City from above: Looking down on Munich

Seeing a city from a different perspective can reveal abstract shapes and patterns that make strikingly unusual images. Photographer Robert Goetzfried explains how he captured his hometown, Munich, from above for his ‘Looking Down on Cities’ series and reveals his techniques for creating unique street photography.

“Wherever I go, my camera goes with me. My life and my pictures have always been entwined. When I travelled to Bangkok in January 2011, I had two things in mind. The first was to ask my girlfriend if she wanted to be my wife, and the second was to shoot a photo series.

I’ve captured images in many places – it's second nature to shoot the scenes I find around me. And especially those that mean a lot to me or mark landmarks in my life.

So when I thought about the visual concept for my “Looking Down on Cities” series, it seemed natural to choose a city which means more to me than most: Munich."

Capturing my hometown from a different angle

"Munich is Germany’s third-largest city and famous for a variety of reasons: football, Oktoberfest and white sausages, among others. It’s also the city I gladly call home, and I always wanted to capture ‘my city’ in my own way.

I asked myself whether the outcome of this series would differ vastly from my Bangkok series. After all, I have changed over the last four years – as a result of that trip I’m married now! But it was immediately clear I had to come up with something different from what street photography typically produces in order to make the series stand out.

That meant no portraits, no faces. It needed to be street photography v2.0: leaving human emotions behind, instead, focusing on their places in the scene at hand."

Lines, colours and patterns

"My work is usually very graphically oriented – straight lines, patterns. I like to photograph scenes and objects with clear order – I guess that’s a side effect of being a graphic designer in addition to a photographer.

I’m always thinking in grids, shapes, lines, patterns, and colours; I make pictures rather than taking them. The bird’s eye view has always held strategic importance to me as a photographer because it provides me the chance to see ‘the big picture’ of a specific setup from above."

"It feels like I actually have the power to adjust the scene just like I want it to be. Unfortunately, it’s not that easy – it means spending a lot of time waiting for people to enter a scene in just the right way for my shot.

Most importantly, I don’t focus on the people in the picture themselves; they are merely shapes in the photograph. It’s up the viewer to invent his or her own story about what’s going on ‘down there.’"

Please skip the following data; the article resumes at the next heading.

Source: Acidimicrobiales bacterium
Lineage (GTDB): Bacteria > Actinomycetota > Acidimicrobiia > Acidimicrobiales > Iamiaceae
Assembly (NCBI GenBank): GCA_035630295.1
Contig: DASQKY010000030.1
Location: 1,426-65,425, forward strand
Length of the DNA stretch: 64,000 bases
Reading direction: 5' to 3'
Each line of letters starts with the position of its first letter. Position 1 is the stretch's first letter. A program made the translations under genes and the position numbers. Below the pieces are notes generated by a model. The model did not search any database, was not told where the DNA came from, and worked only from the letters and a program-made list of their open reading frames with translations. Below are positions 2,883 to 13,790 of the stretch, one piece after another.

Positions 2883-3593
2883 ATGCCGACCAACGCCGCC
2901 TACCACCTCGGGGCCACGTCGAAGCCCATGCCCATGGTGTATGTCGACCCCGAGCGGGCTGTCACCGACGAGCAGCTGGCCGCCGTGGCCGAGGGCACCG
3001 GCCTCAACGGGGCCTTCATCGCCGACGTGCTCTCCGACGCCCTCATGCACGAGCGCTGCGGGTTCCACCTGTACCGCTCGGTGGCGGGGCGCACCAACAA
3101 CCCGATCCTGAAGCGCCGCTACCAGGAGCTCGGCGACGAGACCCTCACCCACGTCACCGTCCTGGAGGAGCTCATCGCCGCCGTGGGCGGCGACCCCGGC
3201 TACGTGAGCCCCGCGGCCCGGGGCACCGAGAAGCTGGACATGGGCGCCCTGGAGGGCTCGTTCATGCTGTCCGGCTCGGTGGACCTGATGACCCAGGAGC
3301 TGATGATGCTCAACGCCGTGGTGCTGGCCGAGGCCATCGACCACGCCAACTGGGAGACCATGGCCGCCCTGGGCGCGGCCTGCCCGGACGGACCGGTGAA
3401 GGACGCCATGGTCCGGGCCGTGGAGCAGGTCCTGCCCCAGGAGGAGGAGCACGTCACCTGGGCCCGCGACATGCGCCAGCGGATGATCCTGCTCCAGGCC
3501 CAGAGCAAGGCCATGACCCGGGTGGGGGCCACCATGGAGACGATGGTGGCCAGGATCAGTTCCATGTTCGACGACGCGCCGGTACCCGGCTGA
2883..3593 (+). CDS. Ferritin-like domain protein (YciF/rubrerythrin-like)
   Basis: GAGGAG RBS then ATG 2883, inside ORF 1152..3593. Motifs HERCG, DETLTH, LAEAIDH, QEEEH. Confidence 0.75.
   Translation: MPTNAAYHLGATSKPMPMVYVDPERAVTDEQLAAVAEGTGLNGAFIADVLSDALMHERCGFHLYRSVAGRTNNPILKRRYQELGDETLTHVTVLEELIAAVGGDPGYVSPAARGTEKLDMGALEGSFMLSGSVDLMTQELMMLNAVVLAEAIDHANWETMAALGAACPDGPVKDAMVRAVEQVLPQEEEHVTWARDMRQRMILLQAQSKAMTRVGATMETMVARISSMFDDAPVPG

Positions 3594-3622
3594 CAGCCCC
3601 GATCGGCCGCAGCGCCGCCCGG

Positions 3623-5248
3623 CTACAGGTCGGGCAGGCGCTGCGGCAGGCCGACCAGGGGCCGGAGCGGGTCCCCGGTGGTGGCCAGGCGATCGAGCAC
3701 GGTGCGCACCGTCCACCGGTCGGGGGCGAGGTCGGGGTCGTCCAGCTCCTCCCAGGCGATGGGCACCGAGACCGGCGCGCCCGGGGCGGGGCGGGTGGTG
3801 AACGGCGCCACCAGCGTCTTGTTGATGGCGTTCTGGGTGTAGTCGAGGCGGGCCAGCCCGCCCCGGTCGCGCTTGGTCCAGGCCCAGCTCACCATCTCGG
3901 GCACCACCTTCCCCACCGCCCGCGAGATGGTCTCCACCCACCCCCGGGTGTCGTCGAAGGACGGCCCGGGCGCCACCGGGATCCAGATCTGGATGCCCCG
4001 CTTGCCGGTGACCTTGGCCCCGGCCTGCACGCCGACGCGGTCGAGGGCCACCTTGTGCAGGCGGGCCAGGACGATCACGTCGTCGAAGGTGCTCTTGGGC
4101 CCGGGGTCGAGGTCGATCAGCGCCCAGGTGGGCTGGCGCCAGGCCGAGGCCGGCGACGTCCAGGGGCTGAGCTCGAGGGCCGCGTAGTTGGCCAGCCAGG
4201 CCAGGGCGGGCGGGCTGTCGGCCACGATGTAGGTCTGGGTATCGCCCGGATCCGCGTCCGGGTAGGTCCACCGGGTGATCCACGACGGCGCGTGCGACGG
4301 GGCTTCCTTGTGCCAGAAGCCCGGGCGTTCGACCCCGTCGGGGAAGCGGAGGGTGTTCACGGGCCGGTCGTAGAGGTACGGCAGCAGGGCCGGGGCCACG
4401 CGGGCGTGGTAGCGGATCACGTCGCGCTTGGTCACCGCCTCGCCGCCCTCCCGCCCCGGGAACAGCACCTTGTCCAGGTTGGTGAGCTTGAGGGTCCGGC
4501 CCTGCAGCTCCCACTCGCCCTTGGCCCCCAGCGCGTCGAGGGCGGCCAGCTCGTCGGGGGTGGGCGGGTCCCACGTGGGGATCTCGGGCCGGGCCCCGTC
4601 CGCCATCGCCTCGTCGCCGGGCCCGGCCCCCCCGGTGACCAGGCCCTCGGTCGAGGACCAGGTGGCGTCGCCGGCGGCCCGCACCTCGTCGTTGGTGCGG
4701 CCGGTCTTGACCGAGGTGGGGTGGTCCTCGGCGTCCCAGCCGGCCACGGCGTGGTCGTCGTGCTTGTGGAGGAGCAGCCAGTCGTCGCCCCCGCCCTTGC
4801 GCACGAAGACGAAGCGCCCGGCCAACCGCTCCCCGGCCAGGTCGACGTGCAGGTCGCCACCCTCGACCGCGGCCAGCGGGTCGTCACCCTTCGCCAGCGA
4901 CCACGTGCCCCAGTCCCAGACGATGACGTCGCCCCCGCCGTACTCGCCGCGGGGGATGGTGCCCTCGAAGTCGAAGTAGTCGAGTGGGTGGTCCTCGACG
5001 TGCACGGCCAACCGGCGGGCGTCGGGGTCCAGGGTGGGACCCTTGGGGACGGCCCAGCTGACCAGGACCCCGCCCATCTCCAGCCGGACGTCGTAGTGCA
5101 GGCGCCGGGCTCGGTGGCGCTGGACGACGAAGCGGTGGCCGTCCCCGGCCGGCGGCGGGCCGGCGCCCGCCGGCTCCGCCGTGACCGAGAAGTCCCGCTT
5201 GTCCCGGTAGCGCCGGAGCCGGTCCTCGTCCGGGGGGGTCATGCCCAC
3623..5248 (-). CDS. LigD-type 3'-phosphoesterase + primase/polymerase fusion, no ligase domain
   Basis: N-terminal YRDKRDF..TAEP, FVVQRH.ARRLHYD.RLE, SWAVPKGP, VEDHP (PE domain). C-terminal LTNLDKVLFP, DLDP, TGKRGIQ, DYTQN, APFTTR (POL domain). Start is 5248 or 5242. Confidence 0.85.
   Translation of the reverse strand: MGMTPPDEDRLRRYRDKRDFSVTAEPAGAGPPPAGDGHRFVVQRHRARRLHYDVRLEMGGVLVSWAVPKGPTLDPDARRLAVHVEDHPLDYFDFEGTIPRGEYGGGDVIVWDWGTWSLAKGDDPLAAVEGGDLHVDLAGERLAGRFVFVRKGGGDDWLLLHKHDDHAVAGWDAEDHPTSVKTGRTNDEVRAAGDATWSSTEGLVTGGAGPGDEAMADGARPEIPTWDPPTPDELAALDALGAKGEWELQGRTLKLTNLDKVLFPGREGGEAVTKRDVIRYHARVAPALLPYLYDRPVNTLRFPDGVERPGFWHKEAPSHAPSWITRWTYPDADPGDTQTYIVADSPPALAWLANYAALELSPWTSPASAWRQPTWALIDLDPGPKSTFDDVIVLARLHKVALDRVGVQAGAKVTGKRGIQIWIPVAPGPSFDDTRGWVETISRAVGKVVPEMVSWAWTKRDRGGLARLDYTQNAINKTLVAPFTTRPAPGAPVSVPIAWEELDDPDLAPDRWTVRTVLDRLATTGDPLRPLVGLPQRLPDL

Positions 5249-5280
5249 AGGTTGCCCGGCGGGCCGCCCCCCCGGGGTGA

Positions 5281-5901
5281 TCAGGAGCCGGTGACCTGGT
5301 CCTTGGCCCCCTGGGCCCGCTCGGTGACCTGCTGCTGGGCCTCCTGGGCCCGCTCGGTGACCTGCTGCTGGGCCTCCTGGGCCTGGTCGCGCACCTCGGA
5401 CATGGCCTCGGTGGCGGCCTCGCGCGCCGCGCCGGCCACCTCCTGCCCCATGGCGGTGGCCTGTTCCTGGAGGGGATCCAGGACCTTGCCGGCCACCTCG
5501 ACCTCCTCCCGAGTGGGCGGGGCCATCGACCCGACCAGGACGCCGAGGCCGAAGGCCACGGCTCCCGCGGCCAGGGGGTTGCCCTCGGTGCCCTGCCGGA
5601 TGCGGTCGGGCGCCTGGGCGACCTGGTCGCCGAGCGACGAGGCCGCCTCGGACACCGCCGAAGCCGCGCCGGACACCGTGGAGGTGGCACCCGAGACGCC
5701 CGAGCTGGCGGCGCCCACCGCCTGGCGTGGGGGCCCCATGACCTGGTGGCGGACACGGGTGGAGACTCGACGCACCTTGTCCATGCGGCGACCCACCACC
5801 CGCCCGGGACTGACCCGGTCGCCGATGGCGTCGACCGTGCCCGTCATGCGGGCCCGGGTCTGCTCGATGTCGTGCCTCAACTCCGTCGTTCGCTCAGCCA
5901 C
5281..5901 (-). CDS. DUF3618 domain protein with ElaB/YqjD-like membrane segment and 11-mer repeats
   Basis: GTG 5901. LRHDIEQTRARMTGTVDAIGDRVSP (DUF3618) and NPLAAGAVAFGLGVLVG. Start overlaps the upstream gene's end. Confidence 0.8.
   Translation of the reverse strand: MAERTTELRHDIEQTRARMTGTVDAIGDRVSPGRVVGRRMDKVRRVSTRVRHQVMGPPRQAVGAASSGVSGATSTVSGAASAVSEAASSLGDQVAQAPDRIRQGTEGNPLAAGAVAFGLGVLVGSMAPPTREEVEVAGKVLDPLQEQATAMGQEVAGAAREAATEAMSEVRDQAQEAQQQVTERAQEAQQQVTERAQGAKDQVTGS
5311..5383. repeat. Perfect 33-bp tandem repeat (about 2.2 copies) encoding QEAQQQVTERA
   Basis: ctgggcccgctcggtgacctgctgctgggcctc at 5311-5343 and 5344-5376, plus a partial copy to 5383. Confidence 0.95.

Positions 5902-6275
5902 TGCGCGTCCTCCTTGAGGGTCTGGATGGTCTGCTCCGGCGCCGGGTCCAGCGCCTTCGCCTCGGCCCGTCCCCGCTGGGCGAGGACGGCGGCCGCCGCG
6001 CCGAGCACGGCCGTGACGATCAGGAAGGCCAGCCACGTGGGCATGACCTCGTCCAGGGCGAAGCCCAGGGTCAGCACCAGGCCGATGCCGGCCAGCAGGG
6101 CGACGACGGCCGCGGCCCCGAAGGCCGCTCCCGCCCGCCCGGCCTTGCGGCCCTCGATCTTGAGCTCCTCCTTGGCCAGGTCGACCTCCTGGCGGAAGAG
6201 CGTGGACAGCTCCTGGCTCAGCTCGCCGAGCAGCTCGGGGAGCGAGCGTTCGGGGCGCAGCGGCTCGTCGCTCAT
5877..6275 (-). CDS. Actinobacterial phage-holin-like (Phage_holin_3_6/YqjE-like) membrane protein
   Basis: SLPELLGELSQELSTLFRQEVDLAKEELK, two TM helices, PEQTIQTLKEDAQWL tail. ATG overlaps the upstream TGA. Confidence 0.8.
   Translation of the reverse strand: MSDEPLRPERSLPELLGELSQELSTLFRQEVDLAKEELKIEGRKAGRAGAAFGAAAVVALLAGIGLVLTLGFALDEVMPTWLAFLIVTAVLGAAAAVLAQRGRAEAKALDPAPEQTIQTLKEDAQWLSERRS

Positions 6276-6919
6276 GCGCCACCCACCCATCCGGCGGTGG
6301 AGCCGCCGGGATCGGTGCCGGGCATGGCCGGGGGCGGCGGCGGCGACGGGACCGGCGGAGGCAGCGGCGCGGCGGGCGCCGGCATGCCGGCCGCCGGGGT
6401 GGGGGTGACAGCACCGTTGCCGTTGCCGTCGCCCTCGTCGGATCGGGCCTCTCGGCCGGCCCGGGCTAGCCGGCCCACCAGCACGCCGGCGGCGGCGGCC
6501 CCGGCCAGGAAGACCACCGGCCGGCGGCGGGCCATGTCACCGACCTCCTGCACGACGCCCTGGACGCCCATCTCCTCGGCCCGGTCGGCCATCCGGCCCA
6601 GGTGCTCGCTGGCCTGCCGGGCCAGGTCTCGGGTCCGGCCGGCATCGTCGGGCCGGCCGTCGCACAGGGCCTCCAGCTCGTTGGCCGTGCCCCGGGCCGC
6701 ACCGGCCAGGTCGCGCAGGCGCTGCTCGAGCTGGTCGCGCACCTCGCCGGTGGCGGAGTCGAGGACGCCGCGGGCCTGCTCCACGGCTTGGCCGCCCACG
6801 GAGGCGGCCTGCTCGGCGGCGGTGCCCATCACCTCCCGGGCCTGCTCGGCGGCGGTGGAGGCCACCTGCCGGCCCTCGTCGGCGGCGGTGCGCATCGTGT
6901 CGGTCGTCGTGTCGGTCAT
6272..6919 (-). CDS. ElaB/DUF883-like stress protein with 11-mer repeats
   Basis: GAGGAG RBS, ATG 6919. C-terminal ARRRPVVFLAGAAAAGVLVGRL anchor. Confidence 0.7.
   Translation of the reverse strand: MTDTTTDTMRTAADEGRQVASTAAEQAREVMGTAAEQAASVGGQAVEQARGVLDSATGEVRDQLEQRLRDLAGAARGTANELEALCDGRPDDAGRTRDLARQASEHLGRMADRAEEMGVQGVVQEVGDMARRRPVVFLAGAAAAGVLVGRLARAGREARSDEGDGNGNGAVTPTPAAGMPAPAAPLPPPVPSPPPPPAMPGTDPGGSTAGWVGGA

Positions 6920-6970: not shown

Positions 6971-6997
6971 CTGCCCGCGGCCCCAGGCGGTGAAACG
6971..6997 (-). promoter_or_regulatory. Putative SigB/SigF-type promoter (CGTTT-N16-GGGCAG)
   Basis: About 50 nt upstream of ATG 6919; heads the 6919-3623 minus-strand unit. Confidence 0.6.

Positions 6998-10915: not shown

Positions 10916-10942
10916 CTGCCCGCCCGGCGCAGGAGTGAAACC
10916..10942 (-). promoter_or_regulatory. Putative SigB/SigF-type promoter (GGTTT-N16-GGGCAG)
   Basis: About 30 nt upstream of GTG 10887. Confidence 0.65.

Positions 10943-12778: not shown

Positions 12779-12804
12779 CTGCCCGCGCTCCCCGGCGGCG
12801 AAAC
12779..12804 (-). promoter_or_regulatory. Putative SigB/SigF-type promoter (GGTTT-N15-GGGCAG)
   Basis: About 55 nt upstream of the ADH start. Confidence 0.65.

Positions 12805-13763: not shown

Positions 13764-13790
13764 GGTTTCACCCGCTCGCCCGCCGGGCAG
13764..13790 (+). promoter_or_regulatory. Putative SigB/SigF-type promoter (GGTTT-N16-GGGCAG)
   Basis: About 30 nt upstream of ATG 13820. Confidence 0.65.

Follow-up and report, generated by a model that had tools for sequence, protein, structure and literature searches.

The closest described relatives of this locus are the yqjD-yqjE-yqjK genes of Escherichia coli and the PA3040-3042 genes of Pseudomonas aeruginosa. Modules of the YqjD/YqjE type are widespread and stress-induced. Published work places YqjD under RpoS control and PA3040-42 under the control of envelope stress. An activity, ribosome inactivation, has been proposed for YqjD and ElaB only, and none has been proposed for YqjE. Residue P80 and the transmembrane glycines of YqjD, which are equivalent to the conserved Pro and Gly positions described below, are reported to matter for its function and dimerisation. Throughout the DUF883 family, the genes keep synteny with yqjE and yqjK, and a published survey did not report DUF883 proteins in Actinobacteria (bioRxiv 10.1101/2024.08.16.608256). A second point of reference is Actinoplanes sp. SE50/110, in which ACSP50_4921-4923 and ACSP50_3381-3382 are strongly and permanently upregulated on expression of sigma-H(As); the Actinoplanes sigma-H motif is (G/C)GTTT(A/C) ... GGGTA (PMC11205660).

Contrasting stories

"In many ways the outcome of my Munich story was different to Bangkok, though I feel that it is the smaller details that reflect this, more so than the more obvious ones.

The people in the photographs wear different clothes, eat different food, drive different vehicles.

Where you might have a street food market in Bangkok, in Munich you might end up with a person walking their dog instead. I saw lots of people with pet dogs in Munich, whereas, in Bangkok the only dogs you see are street dogs.

Another thing I noticed was that the two cities have certain kinds of patterns on their streets due to different cobblestones and materials used. It's these little things that differentiate the cities, and the combination of them gives each story a different look and feel."

"For me it was a great experience to adopt this concept in my hometown. In the last 12 years I’ve shot a lot of pictures in "my city" and can honestly say that I was surprised how different and fresh the outcome was to me when I shot the ‘Looking down on Munich’ series.

I mainly stuck to a similar concept that my Bangkok series took, that's why I chose locations such as train stations and common meeting places for people. These are the places where all kinds of people come together and in big cities, where driving a car due to heavy traffic is very stressful, these places are the hubs of daily living. There is no group of people you can't find there – bank managers, travellers, dog walkers, city workers…"

"I try to create a visual world that parallels my own world. It's up to the viewer to create his or her own stories about the scenes and objects in my photos. This is a recurring theme in my work – leaving it up to others to create their own stories. And I know in some way they will."

Getting the most from my kit

"Of course I need great equipment and my gear has to be reliable to make sure I'm never missing out on an opportunity for a great shot. I shot this series with my and my . This lens is lightweight, provides a very flexible zoom range and creates outstanding image quality.

The EOS 6D allows me to push ISO very high and still delivers great pictures by doing so. I shot everything free hand without a tripod or anything else. Then it was just a case of time and patience."

Share your looking down images

Now you’ve seen Robert's unique street photography of Munich, why not try this month’s photo challenge and capture your own images of cities from above?

Looking straight down from a bridge or a balcony can make an everyday place look very strange and unfamiliar. Or you could concentrate on shapes, colours and textures that make an aerial street scene interesting.

Once you've captured your abstract images, upload them to our Gallery

You can learn more about Robert